Compounds 'break bonds' holding dangerous pollutants together
Everything from the manufacture of new materials to the creation of modern medications relies on chemicals known as metal-based catalysts. Catalysts pack a double punch: Even as they greatly increase the rate of chemical processes, they regenerate so they can be used again. Catalysts also can be designed to break or make powerful chemical bonds at one end of a molecule while leaving the other end to sit quietly inactive. For this reason, many chemists -- particularly, inorganic chemists who often study metals and their reactivity -- are on a continuing quest for new catalysts.
At The Johns Hopkins University, researchers have developed a new set of molecules that has the potential to catalyze a wide variety of chemical reactions, including -– but not limited to -– the cleanup of common but quite dangerous groundwater pollutants called organohalides. Scientists will announce their results in late August at the American Chemical Society's annual summer meeting, held this year in Philadelphia.
"Organohalides comprise a high percentage of the priority pollutants as registered by the EPA, so this is a pretty important advance," said David P. Goldberg, associate professor in the Department of Chemistry in the Krieger School of Arts and Sciences at Johns Hopkins. "In addition, our molecules have the potential to catalyze a number of other reactions important in the synthesis of specialty chemicals for industry."
In the biological world, enzymes are the catalysts which function inside cells, and many enzymes depend on metal held inside specially built organic molecules called porphyrins. Using these as a model, Goldberg's team synthesized a variation that changed the properties of the reactive metal in the center.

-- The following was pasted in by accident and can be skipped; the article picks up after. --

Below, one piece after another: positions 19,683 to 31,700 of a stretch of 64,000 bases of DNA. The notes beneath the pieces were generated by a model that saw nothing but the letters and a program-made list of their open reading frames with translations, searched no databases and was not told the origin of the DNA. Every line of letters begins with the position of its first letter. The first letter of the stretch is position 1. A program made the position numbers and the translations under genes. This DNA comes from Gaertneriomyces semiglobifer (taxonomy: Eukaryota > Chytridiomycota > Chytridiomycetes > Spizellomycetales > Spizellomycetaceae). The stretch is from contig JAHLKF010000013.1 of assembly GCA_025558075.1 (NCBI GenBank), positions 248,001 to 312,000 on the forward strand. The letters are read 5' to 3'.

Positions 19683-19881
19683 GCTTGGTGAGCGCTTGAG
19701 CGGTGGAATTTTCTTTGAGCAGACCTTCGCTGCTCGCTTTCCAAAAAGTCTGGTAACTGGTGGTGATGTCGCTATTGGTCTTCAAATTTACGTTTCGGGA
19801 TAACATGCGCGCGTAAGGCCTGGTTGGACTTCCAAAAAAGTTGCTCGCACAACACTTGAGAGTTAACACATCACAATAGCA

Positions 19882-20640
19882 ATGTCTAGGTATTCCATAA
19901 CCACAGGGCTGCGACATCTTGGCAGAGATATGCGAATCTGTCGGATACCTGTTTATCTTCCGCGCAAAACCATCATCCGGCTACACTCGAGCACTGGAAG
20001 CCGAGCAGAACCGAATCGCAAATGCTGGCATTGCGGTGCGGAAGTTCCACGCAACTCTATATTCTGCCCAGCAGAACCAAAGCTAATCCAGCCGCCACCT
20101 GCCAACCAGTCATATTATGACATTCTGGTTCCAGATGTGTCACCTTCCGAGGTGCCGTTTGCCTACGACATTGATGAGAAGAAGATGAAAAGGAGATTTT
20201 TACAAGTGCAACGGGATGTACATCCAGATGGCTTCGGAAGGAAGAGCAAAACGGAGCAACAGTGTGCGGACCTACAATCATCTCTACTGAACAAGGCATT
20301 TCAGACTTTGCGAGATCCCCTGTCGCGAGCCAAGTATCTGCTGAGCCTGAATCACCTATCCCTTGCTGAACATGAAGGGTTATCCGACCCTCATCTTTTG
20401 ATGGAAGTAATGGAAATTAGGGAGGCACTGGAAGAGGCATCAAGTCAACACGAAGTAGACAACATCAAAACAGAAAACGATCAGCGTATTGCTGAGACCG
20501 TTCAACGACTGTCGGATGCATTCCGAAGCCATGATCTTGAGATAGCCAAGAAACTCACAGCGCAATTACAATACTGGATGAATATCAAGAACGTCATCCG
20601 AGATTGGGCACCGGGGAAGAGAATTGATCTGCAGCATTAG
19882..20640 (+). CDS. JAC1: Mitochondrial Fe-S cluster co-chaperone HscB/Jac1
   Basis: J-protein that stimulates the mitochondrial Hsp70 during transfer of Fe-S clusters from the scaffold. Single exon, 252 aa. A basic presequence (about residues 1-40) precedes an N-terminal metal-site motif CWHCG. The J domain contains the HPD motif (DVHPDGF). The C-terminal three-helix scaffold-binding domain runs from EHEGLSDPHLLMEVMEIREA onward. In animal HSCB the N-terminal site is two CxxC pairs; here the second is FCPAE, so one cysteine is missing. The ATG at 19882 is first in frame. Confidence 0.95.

Called a "corrolazine," the new ring contains one less atom than other, better-studied porphyrins. These molecules are fascinating from a fundamental perspective, Goldberg said. The tiny change made in their structure imparts some very different properties than the same system found in nature, and may allow scientists to catalyze reactions in very different ways from their natural counterparts.
"By studying these natural mimics, we can learn a great deal about why nature – actually, evolution – made certain choices in the design and development of enzymes," Goldberg said.
Though some of the molecules being investigated by Goldberg's team are important synthetic precursors that can ultimately be used in making specialty chemicals and pharmaceuticals, other recent work in the group, spearheaded by graduate students Joseph Fox and David Capretto, has focused on how to use the new catalysts to render the groundwater pollutants called organohalides harmless by way of a simple chemical reaction.
"Organohalides can be transformed into safer compounds by breaking the bonds between the halogen and carbon atoms they contain," Goldberg said.
Goldberg's work, funded largely by the National Science Foundation, has been recognized by the Dreyfus Foundation, which awarded him one of nine Dreyfus Postdoctoral Fellowships in Environmental Chemistry given out this year nationwide. These prestigious awards are intended to fund the salary and expenses of an outstanding post-doctoral fellow for two years in the lab of the sponsor.
"Though this work represents a step forward, there is still an enormous amount of work to be done, including finding what metals work best under what conditions," Goldberg said.
Source: Eurekalert & othersLast reviewed: By John M. Grohol, Psy.D. on 21 Feb 2009
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